It’s a scandal! Why Hortense Piddlewink has even written to the territorial governor demanding this dance and the dancing girls who perform it should be banned from the territory. The fact that the dance came all the way from Paris, France is a sure indication it is indecent and an affront to polite society.
What is the hub-bub all about? Well, the Gay Lady Saloon has brought in Can-Can Dancers all the way from St. Louie and the Floozy would like your opinion on how to paint them. Traditionally, they wore white pantalettes with contrasting black stockings – the color of the skirts, blouses, & petticoats varied with white petticoats being most common.
The figures are from Knuckleduster’s Gunfighter’s Ball range. I’ve primed them with black gesso and applied white shading – some call this under-shading & some call it Zenithal highlighting. If you apply your paint in thin layers, this prep work will make highlighting and shading much easier.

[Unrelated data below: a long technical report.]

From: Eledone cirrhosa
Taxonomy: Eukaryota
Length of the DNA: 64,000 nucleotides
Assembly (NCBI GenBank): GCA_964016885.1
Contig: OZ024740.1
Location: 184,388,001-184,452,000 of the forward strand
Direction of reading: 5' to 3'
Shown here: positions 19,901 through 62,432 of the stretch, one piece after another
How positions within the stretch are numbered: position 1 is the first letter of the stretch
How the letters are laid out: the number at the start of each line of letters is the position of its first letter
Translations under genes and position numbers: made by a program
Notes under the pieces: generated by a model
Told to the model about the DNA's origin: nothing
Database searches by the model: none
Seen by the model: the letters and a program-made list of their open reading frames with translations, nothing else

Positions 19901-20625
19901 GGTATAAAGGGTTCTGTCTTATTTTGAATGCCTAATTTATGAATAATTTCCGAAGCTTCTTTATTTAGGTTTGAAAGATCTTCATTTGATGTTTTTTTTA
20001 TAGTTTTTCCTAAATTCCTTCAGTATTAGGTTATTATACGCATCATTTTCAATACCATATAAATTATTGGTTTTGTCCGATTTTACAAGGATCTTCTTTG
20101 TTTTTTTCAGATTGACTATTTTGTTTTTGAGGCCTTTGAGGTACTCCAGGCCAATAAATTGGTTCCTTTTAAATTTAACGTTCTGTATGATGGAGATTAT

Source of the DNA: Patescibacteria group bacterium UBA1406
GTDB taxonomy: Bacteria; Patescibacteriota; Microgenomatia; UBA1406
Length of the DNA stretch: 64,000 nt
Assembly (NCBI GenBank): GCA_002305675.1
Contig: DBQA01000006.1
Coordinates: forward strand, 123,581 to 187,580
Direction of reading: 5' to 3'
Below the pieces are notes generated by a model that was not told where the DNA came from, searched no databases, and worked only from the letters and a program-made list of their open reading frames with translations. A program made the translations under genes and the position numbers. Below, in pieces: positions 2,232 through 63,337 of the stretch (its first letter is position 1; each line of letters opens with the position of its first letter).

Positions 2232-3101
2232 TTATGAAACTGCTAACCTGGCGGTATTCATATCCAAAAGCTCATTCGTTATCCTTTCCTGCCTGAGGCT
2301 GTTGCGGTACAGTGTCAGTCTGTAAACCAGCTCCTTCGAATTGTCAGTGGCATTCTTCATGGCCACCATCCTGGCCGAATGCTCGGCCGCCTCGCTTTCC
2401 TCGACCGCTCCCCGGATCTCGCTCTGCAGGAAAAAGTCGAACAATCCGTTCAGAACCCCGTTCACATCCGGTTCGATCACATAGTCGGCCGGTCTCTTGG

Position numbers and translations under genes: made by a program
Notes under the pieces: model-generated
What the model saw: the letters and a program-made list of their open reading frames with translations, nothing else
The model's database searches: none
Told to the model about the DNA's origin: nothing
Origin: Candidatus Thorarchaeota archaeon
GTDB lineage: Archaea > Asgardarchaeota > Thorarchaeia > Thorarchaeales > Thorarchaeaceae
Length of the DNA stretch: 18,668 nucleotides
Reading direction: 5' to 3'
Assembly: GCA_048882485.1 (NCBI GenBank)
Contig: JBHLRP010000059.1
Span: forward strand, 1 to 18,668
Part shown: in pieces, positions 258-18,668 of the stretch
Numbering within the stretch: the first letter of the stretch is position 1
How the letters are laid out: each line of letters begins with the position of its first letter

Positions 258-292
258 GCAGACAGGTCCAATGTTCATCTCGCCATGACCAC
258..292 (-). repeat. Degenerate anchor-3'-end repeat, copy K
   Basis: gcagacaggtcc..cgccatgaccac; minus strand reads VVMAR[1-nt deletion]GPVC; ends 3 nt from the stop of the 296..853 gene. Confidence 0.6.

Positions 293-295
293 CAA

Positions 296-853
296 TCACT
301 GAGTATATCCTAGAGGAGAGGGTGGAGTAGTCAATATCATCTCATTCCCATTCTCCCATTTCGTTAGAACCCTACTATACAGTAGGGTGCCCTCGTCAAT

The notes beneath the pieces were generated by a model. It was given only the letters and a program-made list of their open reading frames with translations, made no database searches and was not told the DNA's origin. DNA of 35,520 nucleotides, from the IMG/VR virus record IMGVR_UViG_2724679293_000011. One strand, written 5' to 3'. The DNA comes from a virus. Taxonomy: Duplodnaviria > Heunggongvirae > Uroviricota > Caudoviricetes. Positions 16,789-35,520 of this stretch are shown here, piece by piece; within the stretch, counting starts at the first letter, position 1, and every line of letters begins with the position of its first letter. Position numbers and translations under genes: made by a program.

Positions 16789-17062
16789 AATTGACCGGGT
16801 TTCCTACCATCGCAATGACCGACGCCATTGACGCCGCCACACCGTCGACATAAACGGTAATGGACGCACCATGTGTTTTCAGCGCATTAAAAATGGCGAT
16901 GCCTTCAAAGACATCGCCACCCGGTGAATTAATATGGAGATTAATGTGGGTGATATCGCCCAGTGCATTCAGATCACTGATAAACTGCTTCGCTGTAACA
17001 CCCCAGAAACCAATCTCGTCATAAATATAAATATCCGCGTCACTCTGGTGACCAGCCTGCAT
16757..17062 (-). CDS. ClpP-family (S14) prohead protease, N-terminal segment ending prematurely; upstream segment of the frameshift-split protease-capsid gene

The Can-Can is still danced today, but I’m modeling the dancers found in the American West in the 1880s & 1890s. In some of the more affluent dance troupes (& Hollywood Westerns), the chorus line wore the same color of dress, but I think each dancer having a different color would be more typical.
Here’s some inspiration (Oh, the yelping is a part of the dance):
And here’s some history on the dance:
What are your thoughts on colors to use? I know they will only ever be used as window dressing in Six Gun Sound games, but I think it’s fun to add something interesting to the table.